Nowadays the concept is an accepted part of the zeitgeist and central to how women think about and arrange their lives. Yet it could be argued that overuse has left the whole notion in grave danger of becoming meaningless – a knee-jerk and rather thoughtless cultural shorthand for an ill-defined set of lifestyle choices and workplace responses.
One fundamental problem with “work-life balance” is that it suggests a conveniently divisible whole that we should be able to segment as we see fit. Countless books, guides, journals, programmes, courses, coaches and campaigns offer us the distinct impression that there’s precious little difference between carving up our lives and cutting a cake.
Far from the truth
If only. The truth is that we can never hope to quantify one or the other. We can’t simply equate four hours at work to four hours at home. We can’t plot parallel trajectories over the course of a year, a week or even a day. We can’t chat to a colleague about home matters or to a relative about work and then expect to determine precisely how the encounter tipped the scales this way or that. It’s all too neat to be real.
There may well be people whose existence remains entirely untroubled by random and unforeseen events, but for everyone else the supposedly competing spheres of “work” and “life” intrude on each other almost constantly. That’s why the quest to achieve what passes for “balance” demands dynamic adjustment rather than the cool, considered calculations that we’re habitually led to believe are possible.
It’s actually less a question of balance and more a question of control – or, if you prefer, a question of maintaining order. There are times when “work” and “life” can be separated and we’re pleasantly aware that we’re succeeding in keeping them apart; and there are times when one crashes into the other and we’re painfully conscious of the fact that our demarcation efforts are collapsing all around us.
Consider the following simple framework for understanding the ever-shifting relationships between “work” and “life”. It charts the slide from a high level of control to little or no control, with the first three categories broadly indicative of order and the second three illustrative of growing disorder.
This is the putative ideal that we hear and read so much about. Everyone strives for it. It’s why we head for the office even when we could work from home, why we put on our smart clothes, why we talk about the nine-to-five. And occasionally, of course, we manage to pull it off.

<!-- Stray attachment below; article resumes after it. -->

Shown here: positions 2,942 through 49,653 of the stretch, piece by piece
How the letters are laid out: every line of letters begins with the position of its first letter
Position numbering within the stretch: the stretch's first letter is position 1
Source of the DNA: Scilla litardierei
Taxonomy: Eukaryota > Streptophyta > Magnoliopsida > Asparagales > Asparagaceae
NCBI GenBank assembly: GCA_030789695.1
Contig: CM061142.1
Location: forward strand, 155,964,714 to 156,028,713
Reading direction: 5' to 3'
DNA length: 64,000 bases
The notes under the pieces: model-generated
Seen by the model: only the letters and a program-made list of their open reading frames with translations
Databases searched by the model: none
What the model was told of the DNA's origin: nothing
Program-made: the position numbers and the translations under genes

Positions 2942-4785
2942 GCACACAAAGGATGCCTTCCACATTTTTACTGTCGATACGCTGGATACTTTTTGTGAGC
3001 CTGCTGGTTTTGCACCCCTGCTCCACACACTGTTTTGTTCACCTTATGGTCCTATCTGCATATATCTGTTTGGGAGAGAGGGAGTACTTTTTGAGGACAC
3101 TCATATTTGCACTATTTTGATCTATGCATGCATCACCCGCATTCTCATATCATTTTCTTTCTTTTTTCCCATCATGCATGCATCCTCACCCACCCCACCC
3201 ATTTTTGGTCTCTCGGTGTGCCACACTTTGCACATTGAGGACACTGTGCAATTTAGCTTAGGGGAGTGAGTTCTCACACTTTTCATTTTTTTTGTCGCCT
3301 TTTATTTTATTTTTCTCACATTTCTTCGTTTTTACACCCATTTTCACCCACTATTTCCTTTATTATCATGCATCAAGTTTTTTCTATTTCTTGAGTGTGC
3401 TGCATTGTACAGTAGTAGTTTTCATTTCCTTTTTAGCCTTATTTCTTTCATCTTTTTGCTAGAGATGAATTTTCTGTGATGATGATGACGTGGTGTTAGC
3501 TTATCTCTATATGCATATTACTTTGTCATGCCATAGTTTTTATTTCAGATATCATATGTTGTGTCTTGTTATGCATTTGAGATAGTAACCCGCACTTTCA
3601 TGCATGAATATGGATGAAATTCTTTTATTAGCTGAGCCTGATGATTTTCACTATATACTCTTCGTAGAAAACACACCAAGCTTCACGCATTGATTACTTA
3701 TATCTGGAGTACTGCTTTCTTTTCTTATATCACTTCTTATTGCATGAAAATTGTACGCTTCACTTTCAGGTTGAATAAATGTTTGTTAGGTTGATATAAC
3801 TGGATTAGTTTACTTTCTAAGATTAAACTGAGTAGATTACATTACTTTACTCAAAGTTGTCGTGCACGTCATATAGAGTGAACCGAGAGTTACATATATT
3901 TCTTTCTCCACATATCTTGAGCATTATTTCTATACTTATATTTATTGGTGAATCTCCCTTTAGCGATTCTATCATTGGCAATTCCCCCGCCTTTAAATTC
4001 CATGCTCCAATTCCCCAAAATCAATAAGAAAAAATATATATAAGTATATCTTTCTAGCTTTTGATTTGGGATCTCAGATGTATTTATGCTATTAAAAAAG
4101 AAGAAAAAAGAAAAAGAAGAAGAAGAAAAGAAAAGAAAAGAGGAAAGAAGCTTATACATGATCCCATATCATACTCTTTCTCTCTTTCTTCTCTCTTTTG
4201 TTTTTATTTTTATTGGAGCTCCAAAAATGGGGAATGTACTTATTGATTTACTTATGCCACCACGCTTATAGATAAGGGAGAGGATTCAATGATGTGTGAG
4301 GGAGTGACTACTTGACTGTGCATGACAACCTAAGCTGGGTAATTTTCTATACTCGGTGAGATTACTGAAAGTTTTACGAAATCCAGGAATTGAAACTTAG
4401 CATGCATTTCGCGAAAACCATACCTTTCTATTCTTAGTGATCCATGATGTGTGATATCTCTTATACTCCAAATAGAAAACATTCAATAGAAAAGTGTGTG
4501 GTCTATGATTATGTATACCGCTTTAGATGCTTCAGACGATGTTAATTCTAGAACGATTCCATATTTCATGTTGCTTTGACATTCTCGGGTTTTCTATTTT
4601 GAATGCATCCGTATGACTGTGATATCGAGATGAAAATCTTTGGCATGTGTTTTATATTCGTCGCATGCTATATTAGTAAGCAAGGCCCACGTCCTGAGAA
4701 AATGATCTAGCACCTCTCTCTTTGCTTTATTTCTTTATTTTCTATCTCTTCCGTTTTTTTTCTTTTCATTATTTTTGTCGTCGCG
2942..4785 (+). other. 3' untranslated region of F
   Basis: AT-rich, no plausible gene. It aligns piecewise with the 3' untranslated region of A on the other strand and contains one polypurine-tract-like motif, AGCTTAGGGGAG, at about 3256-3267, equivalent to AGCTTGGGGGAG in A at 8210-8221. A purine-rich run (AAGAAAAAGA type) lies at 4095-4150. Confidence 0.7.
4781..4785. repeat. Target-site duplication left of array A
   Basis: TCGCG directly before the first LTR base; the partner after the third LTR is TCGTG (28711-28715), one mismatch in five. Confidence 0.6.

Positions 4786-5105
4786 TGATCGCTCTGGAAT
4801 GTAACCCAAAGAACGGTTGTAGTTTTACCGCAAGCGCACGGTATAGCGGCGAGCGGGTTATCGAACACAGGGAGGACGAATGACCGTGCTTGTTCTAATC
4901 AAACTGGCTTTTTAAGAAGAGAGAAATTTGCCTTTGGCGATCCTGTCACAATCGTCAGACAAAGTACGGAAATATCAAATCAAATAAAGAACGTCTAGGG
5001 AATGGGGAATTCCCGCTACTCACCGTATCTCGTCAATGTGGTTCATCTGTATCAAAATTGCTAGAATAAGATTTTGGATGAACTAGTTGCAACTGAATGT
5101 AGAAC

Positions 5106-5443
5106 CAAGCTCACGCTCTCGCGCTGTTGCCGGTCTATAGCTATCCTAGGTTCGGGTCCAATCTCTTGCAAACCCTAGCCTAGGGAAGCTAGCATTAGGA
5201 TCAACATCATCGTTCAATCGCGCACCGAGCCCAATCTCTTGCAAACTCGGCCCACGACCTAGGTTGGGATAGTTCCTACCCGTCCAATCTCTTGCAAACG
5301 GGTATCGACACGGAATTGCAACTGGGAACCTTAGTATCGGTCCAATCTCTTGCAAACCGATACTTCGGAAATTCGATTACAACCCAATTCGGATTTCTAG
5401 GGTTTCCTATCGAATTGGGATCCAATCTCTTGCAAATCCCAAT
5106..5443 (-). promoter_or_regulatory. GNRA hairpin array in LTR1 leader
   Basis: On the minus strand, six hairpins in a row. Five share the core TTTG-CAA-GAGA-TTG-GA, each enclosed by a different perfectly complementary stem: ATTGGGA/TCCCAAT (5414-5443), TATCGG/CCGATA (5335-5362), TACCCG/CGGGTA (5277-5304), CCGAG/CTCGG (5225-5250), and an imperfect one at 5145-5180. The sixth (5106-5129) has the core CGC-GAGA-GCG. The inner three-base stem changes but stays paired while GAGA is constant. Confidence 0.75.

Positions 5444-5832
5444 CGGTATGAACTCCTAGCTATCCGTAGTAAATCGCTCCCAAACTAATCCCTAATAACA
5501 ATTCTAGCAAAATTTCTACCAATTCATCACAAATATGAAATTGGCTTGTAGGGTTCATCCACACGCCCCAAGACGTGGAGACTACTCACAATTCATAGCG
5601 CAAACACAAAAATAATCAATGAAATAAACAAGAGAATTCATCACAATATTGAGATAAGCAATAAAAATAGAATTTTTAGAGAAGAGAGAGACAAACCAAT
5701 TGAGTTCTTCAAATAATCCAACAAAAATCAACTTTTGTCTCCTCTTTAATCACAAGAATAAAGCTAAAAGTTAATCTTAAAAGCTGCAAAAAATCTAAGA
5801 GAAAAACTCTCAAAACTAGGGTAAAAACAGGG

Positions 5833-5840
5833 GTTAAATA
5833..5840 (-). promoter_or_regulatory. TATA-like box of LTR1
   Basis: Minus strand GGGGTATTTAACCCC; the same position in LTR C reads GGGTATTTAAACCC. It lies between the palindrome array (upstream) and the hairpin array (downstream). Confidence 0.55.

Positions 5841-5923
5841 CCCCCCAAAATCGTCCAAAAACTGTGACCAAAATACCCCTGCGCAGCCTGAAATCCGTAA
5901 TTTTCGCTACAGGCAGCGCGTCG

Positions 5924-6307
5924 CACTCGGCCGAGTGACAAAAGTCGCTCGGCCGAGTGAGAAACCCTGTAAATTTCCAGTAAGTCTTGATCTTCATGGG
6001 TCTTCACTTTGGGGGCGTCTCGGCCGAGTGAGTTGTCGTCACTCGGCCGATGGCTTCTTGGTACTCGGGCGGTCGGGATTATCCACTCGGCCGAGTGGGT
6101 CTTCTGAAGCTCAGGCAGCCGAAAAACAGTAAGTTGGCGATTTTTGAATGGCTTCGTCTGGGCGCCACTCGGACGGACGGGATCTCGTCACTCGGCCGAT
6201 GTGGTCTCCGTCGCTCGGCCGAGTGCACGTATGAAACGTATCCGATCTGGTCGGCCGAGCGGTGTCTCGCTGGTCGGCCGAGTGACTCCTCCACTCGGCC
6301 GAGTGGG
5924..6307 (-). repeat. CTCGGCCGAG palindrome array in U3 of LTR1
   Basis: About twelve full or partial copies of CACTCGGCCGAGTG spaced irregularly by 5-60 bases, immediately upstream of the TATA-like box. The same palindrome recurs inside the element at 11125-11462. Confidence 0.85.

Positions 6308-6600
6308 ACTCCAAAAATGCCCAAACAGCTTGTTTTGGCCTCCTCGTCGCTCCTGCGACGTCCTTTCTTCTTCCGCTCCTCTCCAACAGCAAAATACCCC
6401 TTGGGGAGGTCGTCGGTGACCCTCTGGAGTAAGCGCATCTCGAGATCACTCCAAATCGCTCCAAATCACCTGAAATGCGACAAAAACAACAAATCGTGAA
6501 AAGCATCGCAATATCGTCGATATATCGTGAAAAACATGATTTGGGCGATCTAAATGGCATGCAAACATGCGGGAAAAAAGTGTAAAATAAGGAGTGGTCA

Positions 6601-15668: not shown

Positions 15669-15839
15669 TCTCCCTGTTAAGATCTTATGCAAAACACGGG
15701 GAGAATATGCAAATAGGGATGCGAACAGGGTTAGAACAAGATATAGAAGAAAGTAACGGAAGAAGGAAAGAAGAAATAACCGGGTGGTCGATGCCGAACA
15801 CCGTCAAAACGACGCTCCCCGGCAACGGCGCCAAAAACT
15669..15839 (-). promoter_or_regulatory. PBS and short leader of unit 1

Sometimes we try to amalgamate our “work” and “life” identities into one seamless whole. We actively seek opportunities to span the boundaries – say, by working at home during school holidays. There may be an element of disruption, but we still retain control.
When it suits us, we’re happy to import things from one sphere to another. It could be something as straightforward as discussing work at home or gossiping about home at work. In these instances, crucially, we decide how much to give and when.
This is where we start to lose a measure of control. Despite our best efforts, the two worlds begin to collide. Thinking about the kids during a meeting, thinking about work at the breakfast table – the effect is sometimes positive, sometimes negative.
In circumstances such as these the sense of disorder and the consequent loss of control become significant. The impingement of one sphere on another can be both physical and emotional. A loved one suddenly being rushed into hospital is an obvious example.
Now imagine the loved one is diagnosed with a serious condition. Where’s the “balance” now? Suddenly the emotions associated with one domain totally swamp the other. The scales appear permanently tipped. Disorder reigns. Control is at best elusive and at worst lost.
In the balance
The chances are that we can all recognise the above scenarios more readily than we can identify with the romanticised epitome of “work-life balance”. And there’s no surprise about that – less still any shame – because the reality is that “work” and “life” are elastic constructions: they exist in a state of perpetual tension, and we’re almost always reinforcing or redrawing their boundaries in light of both our own agency and the constraints we find imposed on us.
It’s an ongoing process – one we have to manage every day – and it’s not easy to stay in control. That’s just the way it is. The mystical “balance” that has gone from nowhere to everywhere during the past quarter-century or so can never be fully achieved. Maybe if we just accept that – if we acknowledge that ebbs and flows are much likelier than glorious equilibrium – we’ll feel a little better equipped to handle anything less than unattainable perfection.